The company, called Paycento, uses the fact that surfers are often logged in anyway with their profiles on social networking sites like Facebook, Linkedin and Twitter. It means that visitors to a website can pay small amounts with a single click, much in the same way that they would click a 'Share' or 'Tweet' button to post an article on their social network profile.—File photo

BRUSSELS: A one-click online payment system using Facebook and Twitter that could boost Internet sales for newspapers, music vendors and other low-priced goods and services is being tested by a major European media company, according to its developer.

The Internet poses an increasingly urgent problem for newspaper publishers who want to make money from the articles they put on their websites, but who are worried they will deter visitors by asking them to take out a full subscription.

The new system, developed by a start-up company in Belgium, means Internet surfers can pay to read a single article or download a piece of music without having to fill out forms or enter their credit card details on the website.

The company, called Paycento, uses the fact that surfers are often logged in anyway with their profiles on social networking sites like Facebook, Linkedin and Twitter. It means that visitors to a website can pay small amounts with a single click, much in the same way that they would click a 'Share' or 'Tweet' button to post an article on their social network profile.

“Those social identity networks also are really identity providers ... so we piggyback on that,” Pieter Dubois, the company's 41-year-old founder, said. Dubois, a former IBM executive, set the company up in the middle of last year because he saw a need for easy-to-use online payments.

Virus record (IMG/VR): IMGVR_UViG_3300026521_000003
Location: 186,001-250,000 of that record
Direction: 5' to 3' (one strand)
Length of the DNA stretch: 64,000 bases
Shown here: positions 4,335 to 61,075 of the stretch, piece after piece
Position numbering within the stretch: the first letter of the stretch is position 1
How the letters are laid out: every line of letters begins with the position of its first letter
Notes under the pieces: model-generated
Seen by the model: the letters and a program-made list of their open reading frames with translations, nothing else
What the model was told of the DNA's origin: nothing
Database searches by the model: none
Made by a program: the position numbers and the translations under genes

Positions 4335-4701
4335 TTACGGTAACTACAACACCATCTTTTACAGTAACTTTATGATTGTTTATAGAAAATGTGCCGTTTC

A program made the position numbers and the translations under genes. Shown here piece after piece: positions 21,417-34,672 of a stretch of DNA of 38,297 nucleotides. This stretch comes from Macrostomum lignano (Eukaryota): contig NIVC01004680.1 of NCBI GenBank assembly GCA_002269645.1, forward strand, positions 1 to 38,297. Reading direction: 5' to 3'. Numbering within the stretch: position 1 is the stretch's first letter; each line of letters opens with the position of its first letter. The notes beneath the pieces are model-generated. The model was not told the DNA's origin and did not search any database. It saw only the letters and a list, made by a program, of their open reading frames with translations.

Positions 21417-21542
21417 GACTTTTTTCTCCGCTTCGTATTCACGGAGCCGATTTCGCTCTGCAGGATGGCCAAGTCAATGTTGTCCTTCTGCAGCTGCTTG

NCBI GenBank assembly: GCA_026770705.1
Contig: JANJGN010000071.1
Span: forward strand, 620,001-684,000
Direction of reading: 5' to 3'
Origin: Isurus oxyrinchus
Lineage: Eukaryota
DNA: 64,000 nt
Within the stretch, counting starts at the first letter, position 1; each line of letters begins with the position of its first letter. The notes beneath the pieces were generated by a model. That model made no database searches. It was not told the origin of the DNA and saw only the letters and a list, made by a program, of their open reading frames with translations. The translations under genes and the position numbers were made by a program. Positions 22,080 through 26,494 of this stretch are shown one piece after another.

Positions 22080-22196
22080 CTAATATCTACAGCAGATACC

“The payment is really seamless ... so it's like a one click payment on the internet,” said Dubois, explaining that it is one click if the authorization procedure is not used.

The system works by a user having an online Paycento account, which they then link to their Facebook, Twitter and Linkedin accounts.

“We want to make it economical for the merchant, for the publisher to offer something at any price point, that means both at 10 cents, at 5 cents as at 1 euro,” said Dubois. For its small payments service, online firm PayPal in Britain charges 5 pence plus 5 per cent.

Paycento is talking to venture capitalists to try to raise around 5 million euros ($6.66 million), which Dubois hopes will last the company for two to three years, when he hopes it will start covering its losses.

While the Paycento technology is not yet being used by online publishers, the company said a major European media company is testing a beta version, but declined to say which one because of a confidentiality agreement.

“We are going to make the full system, where you can really start doing commercial transactions, we would hope at the end of June ... July at the latest,” said Dubois.

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